(Pierre Bourdieu, on the other hand, might be someone who is more interested in photography as habit, as a regularized affect that coincides with a “certain training”; it would be worth returning to Bourdieu’s own book on the subject, Photography: A Middle-Brow Art, with this distinction in mind. It would enable us to provide a more generous, let us say, or perhaps simply more complex understanding of photography and “general interest.”)
Barthes is interested in the punctum as what supplements the routinized, banalized practice of photography (“it is an addition” ) but is “nonetheless already there,” ready to prick or shock the unwary observer. Even, indeed, the most everyday snapshots, he suggests, have something “scandalous” about them in that, by “attest[ing] that what I see has indeed existed,” they have “something to do with resurrection” (82). Hence “the Photograph” (and note the capitalization, for this in Barthes’s view is the essence of photography) “astonishes me, with an astonishment which endures and renews itself, inexhaustibly” (82).
This astonishment brings interpretation to a halt. Perhaps strangely for someone known as the founder of semiology, of the “science of signs,” who made his name in Mythologies with astute readings of the semantics of the image, Barthes is not here particularly interested in “reading” the photograph. Affect undoes or bypasses the mechanisms of signification and perhaps the symbolic order as a whole. If the studium allows for and indeed motivates interpretation, the punctum actively resists it: “the studium is ultimately always coded, the punctum is not” (51). Moreover, the punctum is somehow blinding, in that it opens up to what Barthes terms a “blind field” (57). Hence the paradox that “in order to see a photograph well, it is best to turn away or close your eyes” (53), for “to shut my eyes [is] to allow the detail to arise of its own accord into affective consciousness” (55).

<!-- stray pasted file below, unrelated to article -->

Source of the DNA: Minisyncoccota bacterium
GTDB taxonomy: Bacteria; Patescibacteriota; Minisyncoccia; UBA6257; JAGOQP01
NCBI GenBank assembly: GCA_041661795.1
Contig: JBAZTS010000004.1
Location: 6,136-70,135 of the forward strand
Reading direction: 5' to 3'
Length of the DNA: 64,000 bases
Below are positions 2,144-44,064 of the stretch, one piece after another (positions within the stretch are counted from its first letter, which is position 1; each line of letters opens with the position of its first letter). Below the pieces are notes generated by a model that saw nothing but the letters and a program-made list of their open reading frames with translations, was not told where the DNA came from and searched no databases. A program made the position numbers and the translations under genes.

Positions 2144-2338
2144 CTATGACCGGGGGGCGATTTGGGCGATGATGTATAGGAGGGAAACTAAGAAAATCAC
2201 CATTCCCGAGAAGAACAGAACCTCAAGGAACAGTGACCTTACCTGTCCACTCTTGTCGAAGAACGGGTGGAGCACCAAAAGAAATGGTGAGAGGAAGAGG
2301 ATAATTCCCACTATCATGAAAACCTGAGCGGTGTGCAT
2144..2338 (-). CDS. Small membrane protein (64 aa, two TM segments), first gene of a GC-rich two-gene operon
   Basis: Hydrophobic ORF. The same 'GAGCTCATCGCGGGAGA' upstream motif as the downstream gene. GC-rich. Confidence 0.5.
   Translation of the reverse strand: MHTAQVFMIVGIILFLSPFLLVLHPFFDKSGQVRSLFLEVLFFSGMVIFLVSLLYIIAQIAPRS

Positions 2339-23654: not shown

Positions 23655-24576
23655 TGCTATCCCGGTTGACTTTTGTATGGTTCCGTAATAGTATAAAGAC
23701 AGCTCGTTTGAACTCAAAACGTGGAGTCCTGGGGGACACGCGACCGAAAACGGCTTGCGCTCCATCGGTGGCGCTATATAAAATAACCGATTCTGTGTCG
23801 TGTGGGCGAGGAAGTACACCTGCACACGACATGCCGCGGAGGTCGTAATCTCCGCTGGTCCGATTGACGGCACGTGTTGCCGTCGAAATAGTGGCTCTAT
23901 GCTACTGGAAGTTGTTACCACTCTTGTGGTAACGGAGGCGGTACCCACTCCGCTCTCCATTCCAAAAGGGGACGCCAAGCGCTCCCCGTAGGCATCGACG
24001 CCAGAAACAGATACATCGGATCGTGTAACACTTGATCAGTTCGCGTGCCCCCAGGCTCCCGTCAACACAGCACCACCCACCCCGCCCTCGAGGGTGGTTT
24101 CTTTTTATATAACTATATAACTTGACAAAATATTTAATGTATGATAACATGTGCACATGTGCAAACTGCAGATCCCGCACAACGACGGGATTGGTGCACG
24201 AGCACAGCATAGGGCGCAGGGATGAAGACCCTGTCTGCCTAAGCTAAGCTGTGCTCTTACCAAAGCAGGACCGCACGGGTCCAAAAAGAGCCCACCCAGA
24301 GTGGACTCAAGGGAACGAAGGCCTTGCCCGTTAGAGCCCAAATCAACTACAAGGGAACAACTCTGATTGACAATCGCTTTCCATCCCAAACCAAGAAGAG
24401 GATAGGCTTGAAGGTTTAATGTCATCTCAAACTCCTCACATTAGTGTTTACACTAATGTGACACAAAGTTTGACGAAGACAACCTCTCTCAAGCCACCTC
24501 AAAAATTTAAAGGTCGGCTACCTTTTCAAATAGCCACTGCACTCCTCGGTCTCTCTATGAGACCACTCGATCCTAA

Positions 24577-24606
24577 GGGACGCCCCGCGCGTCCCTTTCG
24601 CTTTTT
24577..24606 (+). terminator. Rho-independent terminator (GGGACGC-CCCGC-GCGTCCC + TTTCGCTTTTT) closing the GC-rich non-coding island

(For this reason among others–the punctum as supplement, for instance–Barthes is especially close to Jacques Derrida in this book; see my comments on Memoirs of the Blind.)
We should not be surprised that for Barthes photography is essentially about the body (“What does my body know about Photography?” is his initial question ), and about “the return of the dead” (9) not simply as resurrection but as the return of death itself. The sense of astonishment or shock provided by the photographic detail is redoubled (or underwritten) by what Barthes calls “another punctum” (96); for if it is astonishing to realize that what I see has indeed existed, this shock owes to the simultaneous awareness that it no longer is. Death, and so time, is encoded in the photograph. Seeing a photograph of his mother as a young child (and much of this book is sparked by reflections on his mother, recently dead, as he scans through old photographs “looking for the truth of the face I had loved” ), Barthes realizes that “she is going to die: I shudder [. . .] over a catastrophe that has already occurred. Whether or not the subject is already dead, every photograph is this catastrophe” (96).